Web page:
Billions of pounds of government money have been poured into banks worst hit in the credit crunch, in an attempt to stabilise the global financial crisis.
Sir Brian Pitman, former chief executive of Lloyds TSB Group, remembers the troubled days of the mid-1970s and tells BBC One's Andrew Marr programme things are not as bad as they were 35 years ago.
"We've been in a much worse position than we are today.
Sir Brian Pitman worked for Lloyds TSB Group for nearly 50 years
"People are getting unbelievably gloomy, but I have been around long enough to remember the 70s when we had to have the IMF [International Monetary Fund bail-out], we had a three-day working week, we had candles in rooms and we couldn't get home by train.
"We are not going to have that."
Asked who was to blame for the current global economic crisis, Sir Brian said banks must shoulder some responsibility.
"The banks are partly to blame. There's no doubt about that. Not wholly to blame, but partly to blame."
But, he explained, some institutions had been "much more reckless than others".
"What we've had is that some banks have been willing to lend 125% of a mortgage. If in fact you pay £100,000 for a house - if you can get one for that amount of money - and you lend them £125,000 then don't be surprised if that leads to trouble."
'Walking on water'
He said he believed the main reason for any struggling business was poor management.
"I chaired a survey a few years ago about why companies fail.
"The main reason was one word; hubris - overconfidence, the belief that you can walk on water. It's very difficult to control those sort of people.
"At the end of the day, it is the chairman and the chief executive who control. If you choose the right chairman and chief executive you will not get into so much trouble."
Successful staff should still be rewarded, he said, adding that it was unlikely 2007's £17bn in bonus payouts would be repeated this year.
"Generally speaking, the bonuses are based on the corporate performance - the performance of the company as a whole, your divisional performance and your individual performance.
"Now the odds are that not many companies are going to make more profit in 2008 than 2007, but many companies made more profit in 2007 than they did in 2006."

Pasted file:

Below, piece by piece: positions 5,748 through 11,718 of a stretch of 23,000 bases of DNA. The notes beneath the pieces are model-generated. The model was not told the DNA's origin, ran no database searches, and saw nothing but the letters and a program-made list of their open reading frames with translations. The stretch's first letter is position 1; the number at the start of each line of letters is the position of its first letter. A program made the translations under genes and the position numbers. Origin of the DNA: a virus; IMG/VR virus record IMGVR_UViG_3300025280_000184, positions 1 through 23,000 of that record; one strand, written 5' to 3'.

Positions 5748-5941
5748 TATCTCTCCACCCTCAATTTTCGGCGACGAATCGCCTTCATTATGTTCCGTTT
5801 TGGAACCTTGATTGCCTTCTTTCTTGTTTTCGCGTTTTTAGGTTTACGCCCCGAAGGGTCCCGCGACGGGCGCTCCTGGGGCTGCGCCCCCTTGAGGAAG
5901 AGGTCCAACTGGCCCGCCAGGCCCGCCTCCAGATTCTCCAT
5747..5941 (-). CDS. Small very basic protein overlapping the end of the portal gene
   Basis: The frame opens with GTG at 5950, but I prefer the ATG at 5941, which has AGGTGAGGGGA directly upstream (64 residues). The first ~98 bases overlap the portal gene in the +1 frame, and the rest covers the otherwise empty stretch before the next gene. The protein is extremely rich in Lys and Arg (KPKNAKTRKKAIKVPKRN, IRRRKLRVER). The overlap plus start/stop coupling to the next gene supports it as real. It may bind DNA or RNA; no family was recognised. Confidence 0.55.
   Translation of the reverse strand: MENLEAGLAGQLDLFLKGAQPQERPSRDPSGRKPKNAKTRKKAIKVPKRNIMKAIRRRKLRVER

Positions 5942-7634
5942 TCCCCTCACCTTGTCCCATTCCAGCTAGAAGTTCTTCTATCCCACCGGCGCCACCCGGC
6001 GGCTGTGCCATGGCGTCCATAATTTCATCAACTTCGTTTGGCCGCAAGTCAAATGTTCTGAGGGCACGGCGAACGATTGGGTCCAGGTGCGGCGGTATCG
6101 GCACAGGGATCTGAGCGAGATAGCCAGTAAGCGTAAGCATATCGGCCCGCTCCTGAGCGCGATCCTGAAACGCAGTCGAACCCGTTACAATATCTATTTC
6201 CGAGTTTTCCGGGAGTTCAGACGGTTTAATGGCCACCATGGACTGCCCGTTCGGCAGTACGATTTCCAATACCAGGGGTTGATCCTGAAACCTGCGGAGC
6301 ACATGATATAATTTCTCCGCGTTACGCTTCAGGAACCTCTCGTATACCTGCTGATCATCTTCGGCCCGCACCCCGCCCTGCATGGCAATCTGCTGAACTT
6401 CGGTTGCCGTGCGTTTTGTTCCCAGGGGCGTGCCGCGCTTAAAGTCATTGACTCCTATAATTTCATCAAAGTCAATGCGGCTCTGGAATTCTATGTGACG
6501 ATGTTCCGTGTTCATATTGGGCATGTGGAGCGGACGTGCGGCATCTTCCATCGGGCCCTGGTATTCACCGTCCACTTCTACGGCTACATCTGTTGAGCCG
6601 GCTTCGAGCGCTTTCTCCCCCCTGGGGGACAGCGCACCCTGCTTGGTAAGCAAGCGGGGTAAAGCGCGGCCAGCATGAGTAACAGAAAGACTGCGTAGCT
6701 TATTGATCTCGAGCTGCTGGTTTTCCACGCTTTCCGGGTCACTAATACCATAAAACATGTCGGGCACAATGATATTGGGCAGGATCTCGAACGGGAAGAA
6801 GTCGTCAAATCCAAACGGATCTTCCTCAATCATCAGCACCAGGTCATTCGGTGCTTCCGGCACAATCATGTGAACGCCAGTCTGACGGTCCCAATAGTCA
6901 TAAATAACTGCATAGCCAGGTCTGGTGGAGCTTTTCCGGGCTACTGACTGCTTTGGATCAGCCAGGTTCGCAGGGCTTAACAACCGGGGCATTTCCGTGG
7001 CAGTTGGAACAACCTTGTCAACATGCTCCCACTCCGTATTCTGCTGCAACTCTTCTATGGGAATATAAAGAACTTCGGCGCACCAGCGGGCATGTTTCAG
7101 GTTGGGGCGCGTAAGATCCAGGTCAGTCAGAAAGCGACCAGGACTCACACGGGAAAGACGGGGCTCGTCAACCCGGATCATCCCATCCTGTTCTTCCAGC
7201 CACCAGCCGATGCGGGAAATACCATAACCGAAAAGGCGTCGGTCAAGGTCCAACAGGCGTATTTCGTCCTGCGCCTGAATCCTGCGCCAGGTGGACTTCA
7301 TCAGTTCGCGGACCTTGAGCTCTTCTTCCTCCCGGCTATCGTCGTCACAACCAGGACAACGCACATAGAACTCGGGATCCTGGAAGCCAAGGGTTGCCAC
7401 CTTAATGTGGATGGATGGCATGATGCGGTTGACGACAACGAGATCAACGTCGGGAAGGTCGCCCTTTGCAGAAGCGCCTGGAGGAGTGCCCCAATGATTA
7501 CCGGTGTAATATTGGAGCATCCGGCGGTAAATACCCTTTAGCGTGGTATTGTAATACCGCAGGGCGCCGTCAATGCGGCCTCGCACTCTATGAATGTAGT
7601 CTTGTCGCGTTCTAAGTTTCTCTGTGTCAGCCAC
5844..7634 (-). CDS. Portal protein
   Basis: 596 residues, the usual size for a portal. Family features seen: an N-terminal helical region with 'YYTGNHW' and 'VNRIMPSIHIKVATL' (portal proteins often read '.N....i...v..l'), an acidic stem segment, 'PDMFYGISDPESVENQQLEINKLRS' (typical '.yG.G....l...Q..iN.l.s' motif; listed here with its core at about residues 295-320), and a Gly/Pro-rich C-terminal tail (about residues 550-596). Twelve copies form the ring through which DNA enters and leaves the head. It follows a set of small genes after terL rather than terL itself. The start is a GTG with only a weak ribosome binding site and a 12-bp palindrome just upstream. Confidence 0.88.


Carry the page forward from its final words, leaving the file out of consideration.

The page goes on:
'Stopping the rot'
The government's £50bn bail-out of UK banks was the right thing to do, he said, and would help keep deposits in the country.
"When the Irish introduced this guarantee for deposits, deposits were flowing out of the UK into Ireland and other places, but I believe the action that's been taken will stop the rot."
Traders have been feeling the effects of the credit crunch
However, Sir Brian said the size of the bail-out was not considered large in markets terms and banks were still reluctant to lend to each other.
"Well £50bn is not very much in relation to a trillion. That's what people have to learn. If we look at the world markets, over the past 20 years the markets have grown much faster than the national economies - much, much faster.
"So that governments think in terms of billions, the market thinks in terms of trillions. And this has been one of the great frustrations for politicians.
"They've found that the Bank of England has reduced the interest rate but the interest rate has not come down for lending."
'We will recover'
Despite the economic downturn and the widespread blaming of bankers for the current crisis, Sir Brian believed it was "totally unrealistic" to believe pay could be capped.
"If you cap pay in the UK, where are the brains going to to go? Where is the enterprise going to come from?
"We've got to get back to a situation where the markets drive these things again because the markets have been good for the communities in the world.
"It's the markets which have improved global trade...it's the global trade which has created the wealth all over the world."
Asked how bad the current crisis would get, he said it was difficult to assess because it was global and on a much greater scale than seen before. But he added he had "very great confidence" the economy would recover.
"I don't think it is anything like as bad as the 70s. We're not going to go on to three-day working weeks and we haven't got that massive inflation we had in the 70s."